Barrel Tasting and Blending

As you read this on Thursday morning, we'll be sitting with our winemaker in San Francisco barrel tasting both of our 2008 pinots and discussing any last minute adjustments we want to make to the wines.  This last step - the blending - while only one of the many decisions in the winemaking process, is also one of the most important.  Many of the world's great wines are blends of multiple varietals.  Bordeaux are usually a mix of cabernet sauvignon, merlot, cabernet franc, petit verdot, malbec, and sometimes carmenere.  Rhones are usually a blend of syrah, grenache, and mouvedre - and sometimes viognier.  How much of each varietal that the winemaker chooses to put into the final bottling is often a big factor in the quality and success of the wine.

Lesser known is the fact that most single varietal wines are also blends.  In the U.S., a wine labeled as pinot noir, for example, may derive up to 25% of its juice from other varietals without having to be labeled as a blend.  So wines that are specifically labeled as 100% pinot or cabernet suavignon are often a blend of grapes from different clones or vineyard blocks (different physical locations within the same vineyard).  Even a single vineyard designated wine need only derive 95% of the grapes from that specific vineyard.  As you may recall from our harvest video, our Doctor's vineyard was fermented as 75% Calera clone and 25% Dijon 115 - all pinot grapes, all from the same vineyard.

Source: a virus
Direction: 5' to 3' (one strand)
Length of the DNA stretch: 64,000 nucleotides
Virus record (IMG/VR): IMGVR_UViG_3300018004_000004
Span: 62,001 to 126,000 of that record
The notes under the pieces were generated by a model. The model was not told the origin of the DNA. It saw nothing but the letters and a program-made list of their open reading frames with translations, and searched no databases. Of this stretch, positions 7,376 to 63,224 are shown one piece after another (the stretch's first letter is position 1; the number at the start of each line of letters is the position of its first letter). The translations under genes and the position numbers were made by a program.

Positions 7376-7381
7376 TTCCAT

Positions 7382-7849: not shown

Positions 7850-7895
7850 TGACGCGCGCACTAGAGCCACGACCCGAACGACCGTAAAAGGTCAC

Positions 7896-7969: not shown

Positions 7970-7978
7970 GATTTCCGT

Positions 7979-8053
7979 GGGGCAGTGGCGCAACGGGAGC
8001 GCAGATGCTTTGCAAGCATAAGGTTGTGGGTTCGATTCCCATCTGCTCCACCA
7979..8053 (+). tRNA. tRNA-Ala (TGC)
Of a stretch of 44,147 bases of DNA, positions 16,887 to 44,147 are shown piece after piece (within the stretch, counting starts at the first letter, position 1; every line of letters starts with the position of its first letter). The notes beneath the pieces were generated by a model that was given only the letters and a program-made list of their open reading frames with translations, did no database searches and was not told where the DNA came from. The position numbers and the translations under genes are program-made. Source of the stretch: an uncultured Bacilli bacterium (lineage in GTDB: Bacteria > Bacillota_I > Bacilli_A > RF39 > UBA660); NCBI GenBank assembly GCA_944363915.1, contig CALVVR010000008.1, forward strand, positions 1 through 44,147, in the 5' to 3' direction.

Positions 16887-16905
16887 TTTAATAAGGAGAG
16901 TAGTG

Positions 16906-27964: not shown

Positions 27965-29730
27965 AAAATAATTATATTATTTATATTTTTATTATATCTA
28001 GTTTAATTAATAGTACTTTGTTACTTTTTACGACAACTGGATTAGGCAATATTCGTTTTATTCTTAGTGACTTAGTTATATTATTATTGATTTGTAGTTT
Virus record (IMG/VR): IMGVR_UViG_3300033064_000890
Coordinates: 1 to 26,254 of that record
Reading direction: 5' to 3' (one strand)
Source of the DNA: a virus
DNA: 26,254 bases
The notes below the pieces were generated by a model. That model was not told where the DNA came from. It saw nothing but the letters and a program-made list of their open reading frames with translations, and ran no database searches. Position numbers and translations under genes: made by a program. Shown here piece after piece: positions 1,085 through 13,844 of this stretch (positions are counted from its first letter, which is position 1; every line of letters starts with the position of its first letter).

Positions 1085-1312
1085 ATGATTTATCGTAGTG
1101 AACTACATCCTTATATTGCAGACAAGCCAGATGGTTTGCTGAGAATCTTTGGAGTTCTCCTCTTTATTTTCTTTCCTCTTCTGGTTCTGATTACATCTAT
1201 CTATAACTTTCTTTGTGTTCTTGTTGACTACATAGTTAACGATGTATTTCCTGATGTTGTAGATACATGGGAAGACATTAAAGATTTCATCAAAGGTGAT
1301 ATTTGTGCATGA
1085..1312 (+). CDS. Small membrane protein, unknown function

We last tasted our wines in late February.  You can refresh your memories by viewing our videos of the Doctor's tasting by clicking here and the Annahala tasting by clicking here.

With Doctor's we loved the dark fruit forward taste and smell but were concerned about the lack of mid-palate structure.  With the Annahala, we had to make the decision to put the wine through a reverse osmosis cleansing process to remove the smoky overtones.  What other flavors and structure may have been stripped by that process will be determined this morning.

Sine the last tasting, our wines have benefited from three additional months of barrel aging.  Our first task will be to gauge how the wines have matured since our last tasting and to see whether our concerns from February are still evident.  From there, we will start experimenting with blending options to get to our desired end result. 

Our hope is to be minimally invasive, but our overriding goal from Day 1 has been to deliver wines that reflect both their terroir and our personal tastes.  We intend to accomplish that goal this morning. 

Wish us luck and look for updates starting next week!